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The loss, combined with his failed pitch to form a coalition government with the NDP and Bloc Quebecois, had many within the party calling for Dion to immediately give up his leadership.

He did just that in early December, but stayed in politics, weathering the Liberal collapse in the 2011 election and return to power in 2015.

“Over the past 21 years, I have devoted myself to my riding, to my fellow citizens, to Quebec, to all of Canada, to the role that we must play in the world, and to the Liberal Party of Canada,” Dion wrote on Tuesday.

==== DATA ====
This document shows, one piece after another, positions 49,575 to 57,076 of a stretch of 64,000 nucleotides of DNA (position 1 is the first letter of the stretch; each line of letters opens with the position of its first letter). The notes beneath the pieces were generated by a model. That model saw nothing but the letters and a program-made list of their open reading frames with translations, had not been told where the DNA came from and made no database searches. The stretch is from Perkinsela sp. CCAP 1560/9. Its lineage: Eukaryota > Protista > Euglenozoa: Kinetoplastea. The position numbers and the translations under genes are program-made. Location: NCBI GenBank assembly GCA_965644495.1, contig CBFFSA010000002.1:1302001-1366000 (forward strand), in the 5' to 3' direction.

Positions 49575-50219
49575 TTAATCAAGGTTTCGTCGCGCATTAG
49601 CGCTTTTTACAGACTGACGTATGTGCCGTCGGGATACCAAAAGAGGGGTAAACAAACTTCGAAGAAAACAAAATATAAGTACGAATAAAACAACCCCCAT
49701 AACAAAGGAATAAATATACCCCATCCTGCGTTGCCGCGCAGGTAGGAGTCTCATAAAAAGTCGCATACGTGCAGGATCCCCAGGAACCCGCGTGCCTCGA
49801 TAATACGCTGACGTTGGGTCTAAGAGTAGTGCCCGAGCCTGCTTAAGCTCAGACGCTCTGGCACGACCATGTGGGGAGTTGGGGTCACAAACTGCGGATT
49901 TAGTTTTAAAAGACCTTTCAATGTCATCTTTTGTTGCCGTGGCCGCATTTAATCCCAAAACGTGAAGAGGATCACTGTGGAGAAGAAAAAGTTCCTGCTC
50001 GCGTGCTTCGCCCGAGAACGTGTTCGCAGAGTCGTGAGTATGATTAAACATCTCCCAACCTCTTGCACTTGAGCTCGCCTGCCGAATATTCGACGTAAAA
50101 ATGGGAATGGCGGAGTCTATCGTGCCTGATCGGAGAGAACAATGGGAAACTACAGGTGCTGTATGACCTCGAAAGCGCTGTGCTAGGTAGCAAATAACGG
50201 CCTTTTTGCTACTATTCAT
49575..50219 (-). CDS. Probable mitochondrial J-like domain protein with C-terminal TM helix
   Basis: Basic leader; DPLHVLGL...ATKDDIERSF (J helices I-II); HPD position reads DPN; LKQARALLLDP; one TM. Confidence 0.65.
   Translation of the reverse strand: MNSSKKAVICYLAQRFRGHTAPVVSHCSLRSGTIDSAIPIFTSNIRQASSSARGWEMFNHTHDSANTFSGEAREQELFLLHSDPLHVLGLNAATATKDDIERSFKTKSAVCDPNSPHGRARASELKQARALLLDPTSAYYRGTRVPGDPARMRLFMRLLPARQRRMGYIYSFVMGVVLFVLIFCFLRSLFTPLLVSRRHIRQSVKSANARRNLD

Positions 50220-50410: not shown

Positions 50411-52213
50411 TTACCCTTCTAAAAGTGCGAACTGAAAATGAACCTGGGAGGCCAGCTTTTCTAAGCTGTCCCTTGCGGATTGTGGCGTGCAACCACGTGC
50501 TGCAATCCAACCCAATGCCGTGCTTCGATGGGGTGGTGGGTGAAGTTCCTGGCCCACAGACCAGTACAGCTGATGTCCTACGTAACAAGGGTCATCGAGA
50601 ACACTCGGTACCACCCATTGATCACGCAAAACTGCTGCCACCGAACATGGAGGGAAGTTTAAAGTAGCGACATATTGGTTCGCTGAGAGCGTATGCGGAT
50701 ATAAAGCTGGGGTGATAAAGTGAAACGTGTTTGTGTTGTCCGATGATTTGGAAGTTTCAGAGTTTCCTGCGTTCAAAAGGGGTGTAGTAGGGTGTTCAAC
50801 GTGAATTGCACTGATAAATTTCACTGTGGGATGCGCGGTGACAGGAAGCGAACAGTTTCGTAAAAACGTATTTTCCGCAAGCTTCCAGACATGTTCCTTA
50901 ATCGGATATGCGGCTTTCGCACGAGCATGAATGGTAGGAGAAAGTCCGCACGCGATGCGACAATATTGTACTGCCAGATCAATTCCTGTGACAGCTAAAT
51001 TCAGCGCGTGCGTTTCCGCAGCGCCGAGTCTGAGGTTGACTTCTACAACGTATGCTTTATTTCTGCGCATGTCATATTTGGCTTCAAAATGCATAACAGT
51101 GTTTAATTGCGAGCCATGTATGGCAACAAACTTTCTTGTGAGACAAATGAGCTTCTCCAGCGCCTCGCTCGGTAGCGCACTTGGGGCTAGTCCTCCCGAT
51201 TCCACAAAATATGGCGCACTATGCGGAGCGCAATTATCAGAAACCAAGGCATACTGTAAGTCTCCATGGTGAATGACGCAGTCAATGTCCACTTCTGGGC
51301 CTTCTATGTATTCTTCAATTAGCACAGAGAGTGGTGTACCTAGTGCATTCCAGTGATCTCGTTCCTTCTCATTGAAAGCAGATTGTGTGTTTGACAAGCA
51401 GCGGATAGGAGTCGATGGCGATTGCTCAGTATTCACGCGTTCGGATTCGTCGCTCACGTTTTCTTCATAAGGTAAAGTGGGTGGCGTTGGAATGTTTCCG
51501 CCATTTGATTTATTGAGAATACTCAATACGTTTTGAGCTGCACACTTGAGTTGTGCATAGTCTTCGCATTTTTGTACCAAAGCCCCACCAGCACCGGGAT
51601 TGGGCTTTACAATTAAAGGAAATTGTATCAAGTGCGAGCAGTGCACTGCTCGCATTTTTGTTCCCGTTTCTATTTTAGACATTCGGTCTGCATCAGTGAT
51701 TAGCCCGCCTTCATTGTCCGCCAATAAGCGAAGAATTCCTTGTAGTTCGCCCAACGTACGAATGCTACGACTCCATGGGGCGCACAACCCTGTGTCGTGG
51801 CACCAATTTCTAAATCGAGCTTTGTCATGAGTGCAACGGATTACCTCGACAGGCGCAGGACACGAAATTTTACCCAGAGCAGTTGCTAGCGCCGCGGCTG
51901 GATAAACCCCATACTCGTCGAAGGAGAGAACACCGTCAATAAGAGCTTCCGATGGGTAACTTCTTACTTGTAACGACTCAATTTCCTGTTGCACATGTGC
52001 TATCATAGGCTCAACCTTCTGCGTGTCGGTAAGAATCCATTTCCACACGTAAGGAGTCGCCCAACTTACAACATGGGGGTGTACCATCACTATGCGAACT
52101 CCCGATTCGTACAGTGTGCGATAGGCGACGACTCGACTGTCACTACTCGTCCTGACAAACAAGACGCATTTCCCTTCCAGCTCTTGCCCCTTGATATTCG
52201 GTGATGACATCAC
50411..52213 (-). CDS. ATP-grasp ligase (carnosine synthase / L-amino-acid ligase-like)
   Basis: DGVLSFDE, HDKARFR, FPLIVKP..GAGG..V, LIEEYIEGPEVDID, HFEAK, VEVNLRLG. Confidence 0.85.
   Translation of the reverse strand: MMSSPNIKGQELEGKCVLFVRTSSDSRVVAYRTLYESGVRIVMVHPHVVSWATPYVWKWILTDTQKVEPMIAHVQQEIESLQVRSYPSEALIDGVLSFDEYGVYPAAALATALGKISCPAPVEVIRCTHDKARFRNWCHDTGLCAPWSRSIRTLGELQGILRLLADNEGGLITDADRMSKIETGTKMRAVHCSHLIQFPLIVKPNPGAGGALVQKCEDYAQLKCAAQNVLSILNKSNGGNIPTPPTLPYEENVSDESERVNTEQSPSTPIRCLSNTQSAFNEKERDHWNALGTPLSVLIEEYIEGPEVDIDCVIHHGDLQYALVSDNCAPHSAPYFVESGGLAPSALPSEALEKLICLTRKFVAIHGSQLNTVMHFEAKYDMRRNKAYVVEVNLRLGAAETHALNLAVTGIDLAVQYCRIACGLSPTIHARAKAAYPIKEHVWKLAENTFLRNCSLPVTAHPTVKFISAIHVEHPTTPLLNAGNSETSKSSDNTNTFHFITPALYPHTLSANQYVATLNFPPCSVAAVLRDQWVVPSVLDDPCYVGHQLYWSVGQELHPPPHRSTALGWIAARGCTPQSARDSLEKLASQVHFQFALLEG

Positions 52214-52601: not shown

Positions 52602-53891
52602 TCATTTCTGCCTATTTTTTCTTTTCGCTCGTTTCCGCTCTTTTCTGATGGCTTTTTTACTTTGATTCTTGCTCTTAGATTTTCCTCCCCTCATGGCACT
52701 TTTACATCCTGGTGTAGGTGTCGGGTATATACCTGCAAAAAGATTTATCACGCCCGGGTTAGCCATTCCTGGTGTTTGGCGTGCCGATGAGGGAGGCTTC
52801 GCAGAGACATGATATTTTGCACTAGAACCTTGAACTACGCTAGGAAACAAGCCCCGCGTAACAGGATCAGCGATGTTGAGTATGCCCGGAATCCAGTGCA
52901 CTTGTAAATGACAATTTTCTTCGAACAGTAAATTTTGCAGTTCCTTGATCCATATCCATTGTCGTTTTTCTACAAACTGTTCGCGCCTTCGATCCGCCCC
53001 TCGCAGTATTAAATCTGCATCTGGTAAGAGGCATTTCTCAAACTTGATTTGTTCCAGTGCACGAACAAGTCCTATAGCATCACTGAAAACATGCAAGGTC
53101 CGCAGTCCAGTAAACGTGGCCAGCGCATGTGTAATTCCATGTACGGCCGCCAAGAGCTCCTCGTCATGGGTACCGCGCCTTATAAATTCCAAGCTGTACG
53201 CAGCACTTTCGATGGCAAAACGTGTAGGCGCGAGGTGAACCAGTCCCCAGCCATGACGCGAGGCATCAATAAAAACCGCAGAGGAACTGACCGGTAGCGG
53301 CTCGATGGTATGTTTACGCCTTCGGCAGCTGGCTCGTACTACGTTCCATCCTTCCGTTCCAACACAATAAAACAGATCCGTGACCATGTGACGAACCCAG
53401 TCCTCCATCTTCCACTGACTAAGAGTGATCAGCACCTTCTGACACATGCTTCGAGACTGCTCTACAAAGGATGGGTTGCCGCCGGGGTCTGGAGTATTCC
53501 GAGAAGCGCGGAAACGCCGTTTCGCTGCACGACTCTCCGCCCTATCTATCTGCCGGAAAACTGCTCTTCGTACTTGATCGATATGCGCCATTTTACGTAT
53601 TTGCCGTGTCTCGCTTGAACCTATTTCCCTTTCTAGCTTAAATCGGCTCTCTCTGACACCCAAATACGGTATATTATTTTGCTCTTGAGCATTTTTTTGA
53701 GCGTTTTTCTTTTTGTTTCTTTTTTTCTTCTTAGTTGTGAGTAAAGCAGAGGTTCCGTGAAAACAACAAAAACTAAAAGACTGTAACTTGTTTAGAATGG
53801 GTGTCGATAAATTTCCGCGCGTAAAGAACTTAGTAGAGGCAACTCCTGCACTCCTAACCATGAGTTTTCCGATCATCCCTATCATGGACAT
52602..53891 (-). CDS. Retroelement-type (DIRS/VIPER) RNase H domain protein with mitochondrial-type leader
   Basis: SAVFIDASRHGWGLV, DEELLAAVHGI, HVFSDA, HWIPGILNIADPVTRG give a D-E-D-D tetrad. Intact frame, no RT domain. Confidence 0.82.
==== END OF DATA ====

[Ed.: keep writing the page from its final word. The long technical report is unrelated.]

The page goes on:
“Now, I shall deploy my efforts outside active politics … But politics is not the only way to serve one’s country.”

Dion’s removal from cabinet may have come as a surprise to some, given his long history with the party.

“I think Stephane Dion was a brilliant intergovernmental affairs minister,” said Kathy Brock, a political science professor at Queen’s University. “He understood the constitution, he understood the intergovernmental dynamic and he really had a fire and a strong sense of it.”

His personality, however, isn’t conducive to a file like foreign affairs, she said.

“But his personality type is one where he likes to be in control of issues,” Brock said. “And in some ways you need a foreign affairs minister who could be more coached and accept the knowledge that is prepared for him rather than interrogating everything”